I’m a pretty light packer in terms of clothing, and over the years I’ve discovered that this allows me to pack comfort items that other people leave at home. One of those items is a blanket for the plane ride. I hate the yucky ones airlines give you, especially once I learned that most airlines wash them infrequently, often just rebagging them between trips. For a month. Ew.
And recently, I’ve been making an inordinate number of baby blankets (this is what comes of having a bunch of 30-year-old friends!). One day, while making one of these simple, comfy baby blankets, I thought: “if this were a bit longer, it would be an awesome plane-blanket.” A few days later, I was done.
Before I give you the step-by-step tutorial, here are some notes:
1. This does not require a sewing machine. In fact, if you have ever sewed anything, ever, this is doable.
2. It costs less than $20 and can be washed and reused a zillion times.
3. It folds up to about the size of a hardback book, but it’s obviously much softer and flatter.
4. The next time you experience a cold plane/train/hotel room/airport/Little League game, you will thank yourself for making this.
5. I made the entire thing in under 4 hours, by hand, with no mechanical assistance. If you can use a sewing machine, you could be done in 2 hours.
So here we go…
1.5 yards of the cotton of your choice
1.75 yards of flannel in a complimentary color
needle and scissors and pins
(optional: thimble — I use a “Thimble Pad” which you will see in one of the photos. Greatest invention ever)
First step is to wash your fabrics, particularly your flannel, which will shrink a ridiculous amount. In fact, I’d wash and dry it twice. This will make it softer anyway. Then iron both fabrics.
Lay the two fabrics out with the “right” side of the cotton facing the flannel.
Smooth them out thoroughly and trim away the extra flannel (there will be a little bit on each end). Trim away any really raveled bits.
Pin the two pieces together, about a half-inch from the edge.
Leave a 4-inch gap unpinned and unsewn. You’ll turn your fabric-sandwich right-side out through this gap later.
Now baste the two pieces together using medium-sized stitches and the white thread. Go from the edge of the 4-inch gap, around the blanket, to the other edge of the 4-inch gap. Stay about half an inch from the edge. Don’t worry about it being “perfect” or absolutely straight. Part of the charm of this blanket is that it’s “rustic” and homemade.
Now, turn the sandwich right-side out through the gap you left in your sewing. You should now have the right side of the cotton fabric facing you. Poke out the corners carefully until they look “squared.” I find that the closed tips of my scissors does this job nicely.
Fold the edge inside the gap to match the rest of the blanket. You’ll sew it closed with the decorative colorful stitches.
Using your colored thread, sew small stitches all the way around the edge, about a quarter inch or less from the edge. Since the flannel and the regular cotton will want to “ride up” against each other, make sure you are sewing a quarter inch from the actual seam as you go (you’ll see what I mean if you do this).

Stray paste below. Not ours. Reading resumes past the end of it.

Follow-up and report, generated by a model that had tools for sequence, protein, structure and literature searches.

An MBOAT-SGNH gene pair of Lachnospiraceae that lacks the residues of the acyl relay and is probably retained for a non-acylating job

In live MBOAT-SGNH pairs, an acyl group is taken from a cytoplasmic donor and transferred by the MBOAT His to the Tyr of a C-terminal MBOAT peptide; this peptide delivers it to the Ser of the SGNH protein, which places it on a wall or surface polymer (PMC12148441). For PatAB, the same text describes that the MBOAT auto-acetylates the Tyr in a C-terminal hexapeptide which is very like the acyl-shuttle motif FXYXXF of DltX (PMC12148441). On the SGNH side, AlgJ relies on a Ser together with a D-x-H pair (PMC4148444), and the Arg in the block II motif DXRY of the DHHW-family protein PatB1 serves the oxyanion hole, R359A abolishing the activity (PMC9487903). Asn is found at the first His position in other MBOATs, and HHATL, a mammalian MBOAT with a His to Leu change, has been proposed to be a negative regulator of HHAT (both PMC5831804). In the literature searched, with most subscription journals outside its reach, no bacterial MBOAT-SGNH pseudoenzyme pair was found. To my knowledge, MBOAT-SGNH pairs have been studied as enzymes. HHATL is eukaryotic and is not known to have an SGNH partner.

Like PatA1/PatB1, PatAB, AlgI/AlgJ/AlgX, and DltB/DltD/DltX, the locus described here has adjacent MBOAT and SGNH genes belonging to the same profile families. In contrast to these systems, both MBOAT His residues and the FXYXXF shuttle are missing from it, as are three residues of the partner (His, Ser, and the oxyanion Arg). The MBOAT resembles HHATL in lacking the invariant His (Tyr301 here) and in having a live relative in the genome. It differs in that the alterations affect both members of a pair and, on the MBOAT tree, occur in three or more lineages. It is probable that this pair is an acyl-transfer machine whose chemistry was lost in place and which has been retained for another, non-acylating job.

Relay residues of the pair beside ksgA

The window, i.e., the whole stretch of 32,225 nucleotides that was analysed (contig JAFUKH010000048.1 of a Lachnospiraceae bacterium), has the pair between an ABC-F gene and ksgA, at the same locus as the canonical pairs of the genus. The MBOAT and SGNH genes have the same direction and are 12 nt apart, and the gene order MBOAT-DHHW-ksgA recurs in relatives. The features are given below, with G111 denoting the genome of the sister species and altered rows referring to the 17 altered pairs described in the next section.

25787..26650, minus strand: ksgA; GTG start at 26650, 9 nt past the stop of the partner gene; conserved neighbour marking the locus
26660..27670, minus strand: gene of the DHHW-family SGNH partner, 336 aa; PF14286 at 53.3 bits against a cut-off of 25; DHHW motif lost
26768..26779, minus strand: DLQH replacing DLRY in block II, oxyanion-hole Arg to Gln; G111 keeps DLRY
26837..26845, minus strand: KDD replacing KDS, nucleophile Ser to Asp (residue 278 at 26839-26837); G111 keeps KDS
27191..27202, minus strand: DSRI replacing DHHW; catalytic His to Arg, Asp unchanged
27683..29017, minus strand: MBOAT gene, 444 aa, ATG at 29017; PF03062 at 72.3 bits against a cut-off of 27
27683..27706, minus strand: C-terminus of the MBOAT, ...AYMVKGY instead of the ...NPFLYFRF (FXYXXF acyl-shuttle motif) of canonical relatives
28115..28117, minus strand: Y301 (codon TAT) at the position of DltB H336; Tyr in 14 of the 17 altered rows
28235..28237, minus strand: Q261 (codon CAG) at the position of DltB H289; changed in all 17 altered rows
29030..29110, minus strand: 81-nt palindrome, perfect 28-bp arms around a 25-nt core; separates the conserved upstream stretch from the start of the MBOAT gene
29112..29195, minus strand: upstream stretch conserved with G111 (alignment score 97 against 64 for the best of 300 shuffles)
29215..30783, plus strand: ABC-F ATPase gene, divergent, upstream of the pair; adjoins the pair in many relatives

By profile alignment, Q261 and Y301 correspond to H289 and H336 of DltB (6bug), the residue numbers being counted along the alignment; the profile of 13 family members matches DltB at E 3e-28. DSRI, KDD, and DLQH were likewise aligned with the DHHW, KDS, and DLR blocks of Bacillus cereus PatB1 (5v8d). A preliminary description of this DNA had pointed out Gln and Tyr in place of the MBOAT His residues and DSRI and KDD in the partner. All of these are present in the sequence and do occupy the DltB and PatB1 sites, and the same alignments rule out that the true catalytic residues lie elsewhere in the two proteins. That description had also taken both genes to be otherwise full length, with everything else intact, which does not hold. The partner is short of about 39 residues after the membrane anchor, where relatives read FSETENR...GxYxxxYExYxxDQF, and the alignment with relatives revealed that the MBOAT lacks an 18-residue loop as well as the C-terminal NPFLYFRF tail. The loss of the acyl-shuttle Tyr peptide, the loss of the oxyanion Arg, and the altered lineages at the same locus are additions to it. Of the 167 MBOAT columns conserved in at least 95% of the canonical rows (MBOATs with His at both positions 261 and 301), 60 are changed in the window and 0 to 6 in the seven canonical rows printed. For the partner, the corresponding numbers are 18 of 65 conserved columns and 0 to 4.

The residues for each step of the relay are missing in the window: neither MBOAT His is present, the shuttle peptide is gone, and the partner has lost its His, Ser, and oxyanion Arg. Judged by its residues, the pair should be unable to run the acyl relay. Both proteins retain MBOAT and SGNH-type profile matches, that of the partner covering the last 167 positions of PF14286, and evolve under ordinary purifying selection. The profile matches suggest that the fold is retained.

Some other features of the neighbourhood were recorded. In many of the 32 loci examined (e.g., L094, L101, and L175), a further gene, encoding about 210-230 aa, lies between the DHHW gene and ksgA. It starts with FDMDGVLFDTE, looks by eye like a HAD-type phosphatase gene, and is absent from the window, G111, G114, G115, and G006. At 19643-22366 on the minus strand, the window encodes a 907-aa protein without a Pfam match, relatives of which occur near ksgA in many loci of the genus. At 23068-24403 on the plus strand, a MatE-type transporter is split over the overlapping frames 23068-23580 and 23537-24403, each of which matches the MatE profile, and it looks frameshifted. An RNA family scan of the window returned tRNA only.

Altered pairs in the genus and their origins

Yep, that’s the Thimble Pad. It’s basically a sticky piece of moleskin that lasts forever and resticks easily. I use about one package every three years.
These stitches don’t have to be perfect, either. In fact, it’s almost nicer if they aren’t. I like to try to make them even, but I’m not fussy about it. Going around the corners is tougher, as there’s a lot of fabric bunched up in there. A thimble is really nice at that point.
When you’re done, you’ll have a warm, cuddly, beautiful blanket that will actually be a treat to use. Others will be jealous. The more you wash it, the softer it will get. Because you sewed the seams twice, basically, it’s nearly indestructible. Nicer cotton makes it thinner and lighter, but I like cheap-o cottons from somewhere like JoAnn’s, because then if my seatmate vomits on it, I won’t mind tossing it out as much!
Here’s one I made for an actual baby. The only difference is that I made it square, instead of rectangular. It requires about 1/4 of a yard less of each fabric. This one has green-striped flannel.
If you have a male friend who wants this (or if you are male), then there are lovely manly flannels at fabric stores too, of the sort that are made into shirts. I think a plaid flannel and solid cotton would be masculine and nice, if one worries about that sort of thing.
Here’s the final product next to a hardback book, for the size comparison:
Slightly larger, but much flatter. And much more snuggly.
I’m sure it will be employed several times on my upcoming trip.
Update: Here are two more blankets I made for friends around Christmas (I also made three baby blankets for charity, another travel blanket for a friend on his way to Italy, and one for each of my three kids, as well as a baby blanket for a friend who is expecting. Whew!). The friends who received these two blankets are not of the sort to be into flowers, but they are both female, just showing that these can be made with all sorts of prints/colors to suit anyone who wants a blanket. Both were made with printed flannel and solid cotton. I have improved my technique, with a bit more attention to straight edges, and I trim the corners before I turn them inside-out so there’s less fabric inside the corners of each blanket. I also wash the flannel three times, just to get it as pre-shrunken as I can (though it still shrinks after that).
The colors were hard to capture in the harsh indoor light with a flash-less camera, but they’re close. The first blanket is wine red, with brown zig-zag flannel and lavender stitching. The second is bright green with grey checked flannel and chocolate stitching. I tried to pick colors to suit each person, but they promptly switched blankets as soon as they received them! That said, they both love them, so it all turned out well.